The San Pedro Bay Ports of Long Beach and Los Angeles will phase out the never-implemented “Container Dwell Fee” on 24 January 2023.
Since the programme was announced on 25 October 2021, the two ports have seen a combined decline of 92 per cent in aging cargo on their docks.
The ports have never implemented such fee as cargo owners were always able to clear their long-dwelling cargo off terminals.
“This fee was conceived as an incentive to ease congestion, keeping imported goods flowing to stores across America,” said Port of Long Beach Executive Director Mario Cordero.
“Measured by this standard, we can all appreciate the policy’s success, and best of all, the fee was never implemented. We thank cargo owners and terminal operators for working with us to make operations more efficient, and of course dockworkers for their dedicated labour.”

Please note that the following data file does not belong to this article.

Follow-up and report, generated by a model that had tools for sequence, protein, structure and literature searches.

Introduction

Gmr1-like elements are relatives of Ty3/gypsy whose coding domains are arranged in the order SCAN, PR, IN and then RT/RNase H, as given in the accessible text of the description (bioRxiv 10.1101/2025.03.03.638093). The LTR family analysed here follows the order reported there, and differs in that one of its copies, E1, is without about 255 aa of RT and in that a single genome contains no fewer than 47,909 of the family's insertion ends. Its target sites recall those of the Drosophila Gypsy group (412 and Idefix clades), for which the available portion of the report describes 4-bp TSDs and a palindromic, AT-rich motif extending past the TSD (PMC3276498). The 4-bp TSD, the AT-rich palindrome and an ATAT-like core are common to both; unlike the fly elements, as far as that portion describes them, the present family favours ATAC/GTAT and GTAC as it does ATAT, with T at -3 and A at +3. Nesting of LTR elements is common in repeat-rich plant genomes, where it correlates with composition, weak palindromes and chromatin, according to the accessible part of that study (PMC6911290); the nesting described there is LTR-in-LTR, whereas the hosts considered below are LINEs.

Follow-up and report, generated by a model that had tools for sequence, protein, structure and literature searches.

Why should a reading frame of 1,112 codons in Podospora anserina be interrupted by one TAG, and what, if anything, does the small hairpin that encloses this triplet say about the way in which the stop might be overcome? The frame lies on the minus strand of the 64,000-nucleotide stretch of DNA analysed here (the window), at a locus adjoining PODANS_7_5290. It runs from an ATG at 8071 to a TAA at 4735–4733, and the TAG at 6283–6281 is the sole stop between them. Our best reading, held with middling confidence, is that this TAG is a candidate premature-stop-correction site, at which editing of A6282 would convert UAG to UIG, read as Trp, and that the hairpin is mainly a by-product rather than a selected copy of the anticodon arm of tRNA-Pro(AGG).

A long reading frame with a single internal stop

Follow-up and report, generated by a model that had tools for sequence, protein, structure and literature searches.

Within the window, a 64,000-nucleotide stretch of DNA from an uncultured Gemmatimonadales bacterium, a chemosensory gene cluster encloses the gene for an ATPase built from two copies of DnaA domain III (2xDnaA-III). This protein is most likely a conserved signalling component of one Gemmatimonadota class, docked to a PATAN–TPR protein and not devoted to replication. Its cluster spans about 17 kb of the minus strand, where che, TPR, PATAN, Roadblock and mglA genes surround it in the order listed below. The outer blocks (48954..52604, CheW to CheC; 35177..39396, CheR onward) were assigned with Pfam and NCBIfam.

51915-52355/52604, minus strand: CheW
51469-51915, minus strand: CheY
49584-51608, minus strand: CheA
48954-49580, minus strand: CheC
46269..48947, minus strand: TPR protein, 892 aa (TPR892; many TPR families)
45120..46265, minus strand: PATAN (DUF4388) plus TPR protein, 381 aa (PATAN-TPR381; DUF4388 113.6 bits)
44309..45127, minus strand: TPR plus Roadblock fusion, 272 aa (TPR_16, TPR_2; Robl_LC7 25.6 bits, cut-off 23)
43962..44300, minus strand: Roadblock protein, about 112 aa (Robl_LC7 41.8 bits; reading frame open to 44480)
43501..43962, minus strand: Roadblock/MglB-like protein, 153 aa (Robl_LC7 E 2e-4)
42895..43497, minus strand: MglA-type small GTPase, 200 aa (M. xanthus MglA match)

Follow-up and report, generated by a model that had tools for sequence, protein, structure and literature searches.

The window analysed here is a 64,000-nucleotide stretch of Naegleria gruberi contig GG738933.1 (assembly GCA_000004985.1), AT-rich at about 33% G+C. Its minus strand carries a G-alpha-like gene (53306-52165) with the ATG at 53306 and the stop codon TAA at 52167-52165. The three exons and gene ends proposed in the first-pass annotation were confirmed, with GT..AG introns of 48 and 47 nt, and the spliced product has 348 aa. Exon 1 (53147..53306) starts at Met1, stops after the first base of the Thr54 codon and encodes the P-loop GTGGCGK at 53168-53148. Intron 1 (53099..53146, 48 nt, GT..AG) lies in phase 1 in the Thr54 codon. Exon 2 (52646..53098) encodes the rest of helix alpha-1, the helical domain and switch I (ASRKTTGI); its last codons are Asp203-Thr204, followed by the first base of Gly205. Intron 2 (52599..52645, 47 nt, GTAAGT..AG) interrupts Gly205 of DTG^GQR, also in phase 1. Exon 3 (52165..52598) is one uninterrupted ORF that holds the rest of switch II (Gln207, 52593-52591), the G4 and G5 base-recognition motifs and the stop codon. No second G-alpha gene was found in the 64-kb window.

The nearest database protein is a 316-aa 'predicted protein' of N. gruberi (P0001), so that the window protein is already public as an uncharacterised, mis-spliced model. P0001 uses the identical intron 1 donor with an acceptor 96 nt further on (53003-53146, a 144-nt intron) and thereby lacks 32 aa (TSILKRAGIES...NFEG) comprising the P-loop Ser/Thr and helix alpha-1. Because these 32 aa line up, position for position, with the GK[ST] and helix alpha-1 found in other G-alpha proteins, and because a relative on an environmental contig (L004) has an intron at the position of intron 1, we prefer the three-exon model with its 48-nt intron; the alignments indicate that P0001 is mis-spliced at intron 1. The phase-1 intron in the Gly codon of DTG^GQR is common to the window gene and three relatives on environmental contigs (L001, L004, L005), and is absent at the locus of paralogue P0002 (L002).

Containerships queuing up outside the major US West Coast ports was a regular sight throughout the pandemic, with a peak of 109 on 9 January 2022.
Now, zero vessels are queuing outside of the ports compared to the 81 containerships on 22 November 2021.
“I said when we launched this programme that I hoped we would never collect a dime because that would mean that containers were moving off our docks. And that’s exactly what occurred,” said Port of Los Angeles Executive Director Gene Seroka.
“I’m grateful to the cargo owners and all our waterfront workers for all their successful efforts to improve the efficiency of our operations.”
Under the temporary policy, ocean carriers could be charged for each import container dwelling nine days or more at the terminal.
The Long Beach and Los Angeles Boards of Harbor Commissioners both extended the fee programme through 24 January 2023.
Neither port plans to extend the programme beyond that date.
The policy was developed in coordination with the Biden-Harris Supply Chain Disruptions Task Force, U.S. Department of Transportation and multiple supply chain stakeholders.